We arrived home around 2:00pm, June 21. After an hour of kuwentuhan with my daughter, I hit the covers at 3pm. I woke up 6am the following day.

Sunday, July 10, 2011

The Class of 39

No, we weren't graduates of the pre-war years. We graduated from the Marcelo H. Del Pilar High School in Malolos, Bulacan in 1970- just when the First Quarter Storm was brewing in the country, just when the world was expressing its disgust over the Vietnam War- the war the US never won.

39 refers to us- the 39 students brought together into one section- IV-1. First, let me make a roll call of the class based on the picture above (with all due respect to the class monitor-Vicky Almazar)- Bulaong, Ibanez, Galang, San Pedro, Santiago, Santos, Mariano, Victorio, Quetua, Cruz, Aldaba, Torres, Paguiligan, Almazar, Adviento, de Guzman, Pascual, Constantino, Capule, Ferrer, San Diego, Tenorio, Toribio, De Guzman, Dela Rama, Enriquez, Clavio, Laquindanum, Clemente, Roque, Gatchalian, Santos, Aguilar, Calalang, Reyes, Mendoza, Martin, Galvez and another Santiago, who is not in the picture.

I figured it would be doubly fun to blog about this class and mention their surnames instead of their first or nicknames. After all, the teachers of yesteryears always did their power trips by calling us with our surnames. I don't know why they did, but what I am sure of is that when I was still in college preparing to become a teacher, I promised myself never to call a student by his/her surname without a Mr. or a Ms. In fact, I am remembered by most of my students as the teacher who calls them with their nicknames. It worked for me.

Our class size is very ideal. Maybe it was the reason why we all did well. The four years we spent together (except for Reby, Cristy and Ester who were with us only from the 2nd to the 4th year) were fun-filled. The anecdotes aren't that clear to me anymore, but what I remember most were the joyful days we had. I sometimes attended school without a preparation for a homework, especially in math and the sciences, but it made me feel secure that the top ten were always ready to open their notes to us (i was not the only lazy bone) just before we entered our classroom. I remember those days when we would wait outside the building for our classes to begin. There was never-ending talk- about teachers, classmates who made boo-boos, about our crushes, about anything we fancied. IV-1 was a very happy class- that much I can say now.

Reunions were organized by the time we reached our 20th graduation anniversary in 1990. A few made it then and in the succeeding class reunions or get-togethers of our section, we tried to make at least a mental list of those whom we haven't heard about. Today, we still don't know the whereabouts of Rolando Aguilar and Cristina Galang. Each time a number of us meet, we would always wish for that one special day when we, all 39 of us, would meet again and reminisce on the things we did from 1966 to 1970.

As different as we were back then, so we still are now. Twelve among us are now based in the US- Angie, Riza, Joji, Louie, Boy, Rene, Frank, Pearlie, Yollie, Nemy, Deyot and Bert. Almost all of them, except for Louie, has gone back home for short visits- an awaited moment for those of us based in the country- for such were the times when we would gather in one space to talk about things we've talked about many times before. New alliances were forged by our circumstances. Reby, Vicky and Vida emerged as the new "triumvirate" since more often than not, they were always on the forefront of each gathering. Emong and Virgie are both working for the same government agency. Virgie and Celia oftentimes attend gatherings together (and leave together) since they both live in Meycauayan. So with Dolly and Norma whose ties with Matimbo are still tightly bound. Ding and Ver, both in business and the practice of their respective professions, plus Emong and Vic, are always present in our soirees. Judge Luis still provides us with merriment and exuberance whenever he dishes out his stories- whether about the past or the present. Ruth, now a lawyer, has been gracing our parties for two years now. So does Paula. Romy V once visited me at home and has gone to a couple of reunions before. Vic is the link between Romy V and the group so that as long as Vic knows where to find him, chances are, he will be another constant in our parties.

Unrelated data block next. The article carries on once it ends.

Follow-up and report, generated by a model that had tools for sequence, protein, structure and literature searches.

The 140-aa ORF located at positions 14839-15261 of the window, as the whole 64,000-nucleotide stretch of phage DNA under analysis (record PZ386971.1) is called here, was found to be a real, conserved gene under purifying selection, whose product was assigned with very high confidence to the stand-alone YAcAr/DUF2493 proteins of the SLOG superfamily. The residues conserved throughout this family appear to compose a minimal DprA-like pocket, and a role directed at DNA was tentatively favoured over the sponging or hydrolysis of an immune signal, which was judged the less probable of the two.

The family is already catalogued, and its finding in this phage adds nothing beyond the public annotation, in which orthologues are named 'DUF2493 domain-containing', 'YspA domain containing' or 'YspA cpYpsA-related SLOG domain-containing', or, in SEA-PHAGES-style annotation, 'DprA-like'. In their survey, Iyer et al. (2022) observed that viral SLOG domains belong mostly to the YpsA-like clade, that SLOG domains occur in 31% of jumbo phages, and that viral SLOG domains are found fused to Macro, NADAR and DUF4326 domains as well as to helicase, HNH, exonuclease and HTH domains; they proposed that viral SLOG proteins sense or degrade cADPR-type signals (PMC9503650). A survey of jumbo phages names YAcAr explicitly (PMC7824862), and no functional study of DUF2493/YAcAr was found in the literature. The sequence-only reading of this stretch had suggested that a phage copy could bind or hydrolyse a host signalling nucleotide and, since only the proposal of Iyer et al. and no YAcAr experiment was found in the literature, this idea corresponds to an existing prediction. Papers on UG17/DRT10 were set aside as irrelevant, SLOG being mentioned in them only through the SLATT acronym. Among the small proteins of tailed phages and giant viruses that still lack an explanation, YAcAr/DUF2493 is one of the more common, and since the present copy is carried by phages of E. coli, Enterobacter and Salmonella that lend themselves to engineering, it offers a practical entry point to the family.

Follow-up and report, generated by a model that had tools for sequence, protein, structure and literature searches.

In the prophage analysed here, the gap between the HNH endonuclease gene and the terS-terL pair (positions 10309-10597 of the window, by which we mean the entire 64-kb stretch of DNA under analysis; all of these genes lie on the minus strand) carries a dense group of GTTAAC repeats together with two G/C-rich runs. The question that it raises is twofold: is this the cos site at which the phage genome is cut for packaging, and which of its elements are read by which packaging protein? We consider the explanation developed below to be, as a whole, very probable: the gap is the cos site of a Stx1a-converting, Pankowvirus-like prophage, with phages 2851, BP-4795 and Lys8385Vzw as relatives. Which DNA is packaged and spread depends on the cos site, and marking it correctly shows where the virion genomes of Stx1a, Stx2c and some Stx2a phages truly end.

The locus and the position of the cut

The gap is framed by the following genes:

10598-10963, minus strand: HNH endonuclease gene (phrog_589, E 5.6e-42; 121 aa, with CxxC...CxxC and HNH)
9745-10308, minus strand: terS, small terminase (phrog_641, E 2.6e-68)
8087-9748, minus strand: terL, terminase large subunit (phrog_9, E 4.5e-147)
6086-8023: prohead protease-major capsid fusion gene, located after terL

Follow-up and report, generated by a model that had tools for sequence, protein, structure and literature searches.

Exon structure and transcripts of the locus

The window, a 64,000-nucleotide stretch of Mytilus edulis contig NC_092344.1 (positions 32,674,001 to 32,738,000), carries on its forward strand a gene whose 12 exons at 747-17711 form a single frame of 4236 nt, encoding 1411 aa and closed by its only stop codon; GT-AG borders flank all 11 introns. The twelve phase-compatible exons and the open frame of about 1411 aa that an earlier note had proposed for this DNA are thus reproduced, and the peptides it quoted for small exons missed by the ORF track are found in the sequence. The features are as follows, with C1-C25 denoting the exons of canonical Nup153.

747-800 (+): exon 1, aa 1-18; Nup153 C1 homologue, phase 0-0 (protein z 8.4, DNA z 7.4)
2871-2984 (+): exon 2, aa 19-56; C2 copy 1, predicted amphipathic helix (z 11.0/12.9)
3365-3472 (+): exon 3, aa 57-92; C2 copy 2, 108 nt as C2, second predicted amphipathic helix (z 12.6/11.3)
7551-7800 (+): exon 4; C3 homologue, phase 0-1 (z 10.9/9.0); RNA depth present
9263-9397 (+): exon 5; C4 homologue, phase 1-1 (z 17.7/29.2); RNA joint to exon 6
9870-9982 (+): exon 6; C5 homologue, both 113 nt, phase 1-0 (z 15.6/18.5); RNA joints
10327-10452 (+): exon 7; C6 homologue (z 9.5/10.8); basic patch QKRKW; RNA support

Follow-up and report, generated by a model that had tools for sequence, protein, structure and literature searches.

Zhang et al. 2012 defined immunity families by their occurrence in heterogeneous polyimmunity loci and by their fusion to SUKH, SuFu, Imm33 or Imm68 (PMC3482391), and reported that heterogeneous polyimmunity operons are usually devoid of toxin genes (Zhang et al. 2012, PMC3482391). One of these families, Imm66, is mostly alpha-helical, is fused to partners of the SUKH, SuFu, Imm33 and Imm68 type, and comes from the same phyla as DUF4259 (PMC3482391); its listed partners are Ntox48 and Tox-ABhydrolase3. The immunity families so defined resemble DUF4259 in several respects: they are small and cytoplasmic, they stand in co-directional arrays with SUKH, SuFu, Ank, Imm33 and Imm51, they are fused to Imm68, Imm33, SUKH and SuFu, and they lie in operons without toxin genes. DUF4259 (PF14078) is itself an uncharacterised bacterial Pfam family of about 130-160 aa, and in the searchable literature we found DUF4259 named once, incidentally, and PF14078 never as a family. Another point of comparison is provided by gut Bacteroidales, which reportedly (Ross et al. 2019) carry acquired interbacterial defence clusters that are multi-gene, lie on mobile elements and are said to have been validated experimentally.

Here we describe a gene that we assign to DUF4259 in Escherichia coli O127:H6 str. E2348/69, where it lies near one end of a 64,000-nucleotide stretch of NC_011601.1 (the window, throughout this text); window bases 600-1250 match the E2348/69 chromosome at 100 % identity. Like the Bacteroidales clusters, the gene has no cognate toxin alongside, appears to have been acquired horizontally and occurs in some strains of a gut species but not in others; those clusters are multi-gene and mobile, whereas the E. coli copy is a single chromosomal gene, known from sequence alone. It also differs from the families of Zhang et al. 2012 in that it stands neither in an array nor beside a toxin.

Our muses- Angie, Yollie and Beth have not aged despite the years. I surmise that they still are the "crushes ng bayan" till today. Many among us who are still here in Bulacan seldom attend reunions. Nina, a college prof today, and Sonia, who is said to be based in UP, are a no-show in recent years. Vicky Tenorio, we heard, is not in the pink of health. We have not seen Cata and Alice for the longest time. For some time, Quirino and Romy Martin were visible, but have slowly faded away, too. One good news, however, is Fely Roque's presence in our recent assemblies, despite the fact that she, the 40th member of our class, dropped out after 2nd year high school.

As i've stated before, the details of all the things that happened during our four high school years are now hazy and unclear. But I distinctly remember that on the night of our graduation day, after I have shed off my graduation dress, I cried and cried in my room. It was such a lonely and forlorn moment for me knowing that after the two months summer vacation, I won't be donning my high school uniform again and that I will be dealing with another phase of my student life without the 38 classmates with whom I spent the sweetest, most remarkable and fascinating four years of my life.

Looking back on that night, I reckon that my tears fell simply because my journey, together with my 38 classmates in all of those four years, was one hell of a ride.